Growers are being advised to consider late season fungicide programmes carefully amid reports of low disease pressure this year.
Moderate disease levels in wheat due to the hot, dry summer in 2018 generally resulted in cost-effective but lower yield responses to fungicide programmes than the previous season, says Hutchinsons technical director David Ellerton.
"Despite the dry conditions later in the season, the largest yield increases were often in response to the flag leaf or T2 timing in Hutchinsons small plot trials, although drought and subsequent early senescence reduced the response in many cases."
In Hutchinsons winter wheat variety trials, the average yield response across sites and all varieties was 1.54 t/ha (17.28 % of final yield) compared to 2.64t/ha (28.48% of final yield) the previous season, said Dr Ellerton.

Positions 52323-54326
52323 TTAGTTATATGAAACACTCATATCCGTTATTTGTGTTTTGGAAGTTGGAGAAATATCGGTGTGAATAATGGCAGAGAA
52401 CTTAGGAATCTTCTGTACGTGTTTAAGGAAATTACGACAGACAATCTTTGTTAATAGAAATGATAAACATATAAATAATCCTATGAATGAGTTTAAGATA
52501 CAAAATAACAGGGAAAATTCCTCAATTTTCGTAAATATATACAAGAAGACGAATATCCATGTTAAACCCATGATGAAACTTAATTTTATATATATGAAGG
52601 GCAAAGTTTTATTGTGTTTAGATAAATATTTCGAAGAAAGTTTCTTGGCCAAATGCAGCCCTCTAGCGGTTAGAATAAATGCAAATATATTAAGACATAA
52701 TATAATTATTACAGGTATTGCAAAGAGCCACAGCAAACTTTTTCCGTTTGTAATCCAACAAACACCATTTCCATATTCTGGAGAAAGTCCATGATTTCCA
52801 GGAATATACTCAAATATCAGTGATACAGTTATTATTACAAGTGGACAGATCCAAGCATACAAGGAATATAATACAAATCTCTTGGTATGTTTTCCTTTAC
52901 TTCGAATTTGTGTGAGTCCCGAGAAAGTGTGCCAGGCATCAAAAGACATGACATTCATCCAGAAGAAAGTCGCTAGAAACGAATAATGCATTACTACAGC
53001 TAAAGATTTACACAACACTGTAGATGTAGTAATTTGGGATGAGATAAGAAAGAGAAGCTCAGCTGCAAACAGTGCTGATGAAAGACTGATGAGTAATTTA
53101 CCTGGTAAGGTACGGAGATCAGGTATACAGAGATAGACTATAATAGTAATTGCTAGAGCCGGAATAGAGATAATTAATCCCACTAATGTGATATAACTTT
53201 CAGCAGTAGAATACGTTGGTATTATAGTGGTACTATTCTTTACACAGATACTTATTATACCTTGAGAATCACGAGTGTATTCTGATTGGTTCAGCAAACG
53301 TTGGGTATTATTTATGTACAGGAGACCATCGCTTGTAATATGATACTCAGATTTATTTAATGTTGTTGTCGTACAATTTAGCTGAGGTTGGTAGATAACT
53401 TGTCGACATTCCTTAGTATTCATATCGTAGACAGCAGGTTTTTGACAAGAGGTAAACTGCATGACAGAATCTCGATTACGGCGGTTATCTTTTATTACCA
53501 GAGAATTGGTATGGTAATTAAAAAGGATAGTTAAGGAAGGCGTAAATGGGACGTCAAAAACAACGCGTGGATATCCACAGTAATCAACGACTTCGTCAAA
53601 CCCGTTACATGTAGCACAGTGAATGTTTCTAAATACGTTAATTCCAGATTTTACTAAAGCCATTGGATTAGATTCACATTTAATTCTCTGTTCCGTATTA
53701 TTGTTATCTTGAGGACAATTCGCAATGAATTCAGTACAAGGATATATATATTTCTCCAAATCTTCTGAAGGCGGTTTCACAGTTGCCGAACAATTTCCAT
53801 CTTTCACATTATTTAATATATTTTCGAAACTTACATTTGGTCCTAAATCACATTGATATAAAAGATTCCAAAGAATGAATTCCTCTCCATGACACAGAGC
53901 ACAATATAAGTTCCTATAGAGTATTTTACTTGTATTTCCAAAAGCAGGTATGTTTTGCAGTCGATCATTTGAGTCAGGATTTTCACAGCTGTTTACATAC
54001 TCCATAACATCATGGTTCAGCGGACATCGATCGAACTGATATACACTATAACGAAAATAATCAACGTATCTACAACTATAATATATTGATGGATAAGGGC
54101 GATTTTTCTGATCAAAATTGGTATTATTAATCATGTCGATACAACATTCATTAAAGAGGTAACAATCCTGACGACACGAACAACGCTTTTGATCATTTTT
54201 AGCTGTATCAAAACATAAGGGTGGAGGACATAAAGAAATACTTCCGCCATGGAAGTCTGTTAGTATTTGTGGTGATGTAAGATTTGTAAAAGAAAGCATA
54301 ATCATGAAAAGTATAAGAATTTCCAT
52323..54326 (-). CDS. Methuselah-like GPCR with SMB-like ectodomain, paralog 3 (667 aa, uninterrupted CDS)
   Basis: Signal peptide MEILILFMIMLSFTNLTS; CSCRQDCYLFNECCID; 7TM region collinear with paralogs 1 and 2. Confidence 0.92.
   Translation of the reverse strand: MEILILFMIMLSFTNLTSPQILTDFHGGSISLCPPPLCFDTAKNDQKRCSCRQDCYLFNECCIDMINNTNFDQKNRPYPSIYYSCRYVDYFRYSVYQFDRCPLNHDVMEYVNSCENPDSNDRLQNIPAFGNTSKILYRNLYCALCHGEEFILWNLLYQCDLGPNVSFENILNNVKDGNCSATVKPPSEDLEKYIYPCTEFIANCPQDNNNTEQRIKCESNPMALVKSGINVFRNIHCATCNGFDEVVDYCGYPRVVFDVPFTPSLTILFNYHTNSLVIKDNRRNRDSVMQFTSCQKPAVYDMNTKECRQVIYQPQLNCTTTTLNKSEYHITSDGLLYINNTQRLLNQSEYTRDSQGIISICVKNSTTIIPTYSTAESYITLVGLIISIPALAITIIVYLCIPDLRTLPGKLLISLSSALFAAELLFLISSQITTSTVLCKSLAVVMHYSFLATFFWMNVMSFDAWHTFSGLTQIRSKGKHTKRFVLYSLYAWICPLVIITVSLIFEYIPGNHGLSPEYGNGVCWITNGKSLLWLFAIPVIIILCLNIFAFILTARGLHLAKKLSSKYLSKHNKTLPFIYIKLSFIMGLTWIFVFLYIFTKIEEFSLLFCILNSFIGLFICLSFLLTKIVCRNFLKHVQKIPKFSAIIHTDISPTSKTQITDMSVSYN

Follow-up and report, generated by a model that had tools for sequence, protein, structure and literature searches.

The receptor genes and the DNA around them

But there was a significant difference between varieties with Reflection giving a response 2.67 t/ha, while disease control in Santiago, Costello, Leeds, LG Rhythm and Gleam resulted in an increase in yield of over 2 t/ha.
"It is important to realise that the gap ween the flag leaf spray and the previous T1 fungicide should be a maximum of three to four weeks to continue disease protection, once the earlier spray begins to run out of steam," says Dr Ellerton.
For ear emergence T3 sprays, triazoles often form the base, including active ingredients with activity on Fusarium – favoured by warm, wet conditions – such as prothioconazole, tebuconazole or metconazole/epoxiconazole.
"Where Microdochium risk is high in cool, wet seasons, the emphasis should be on prothioconazole - although in last seasons' AHDB trials the multi-site product mancozeb was also found to give useful control."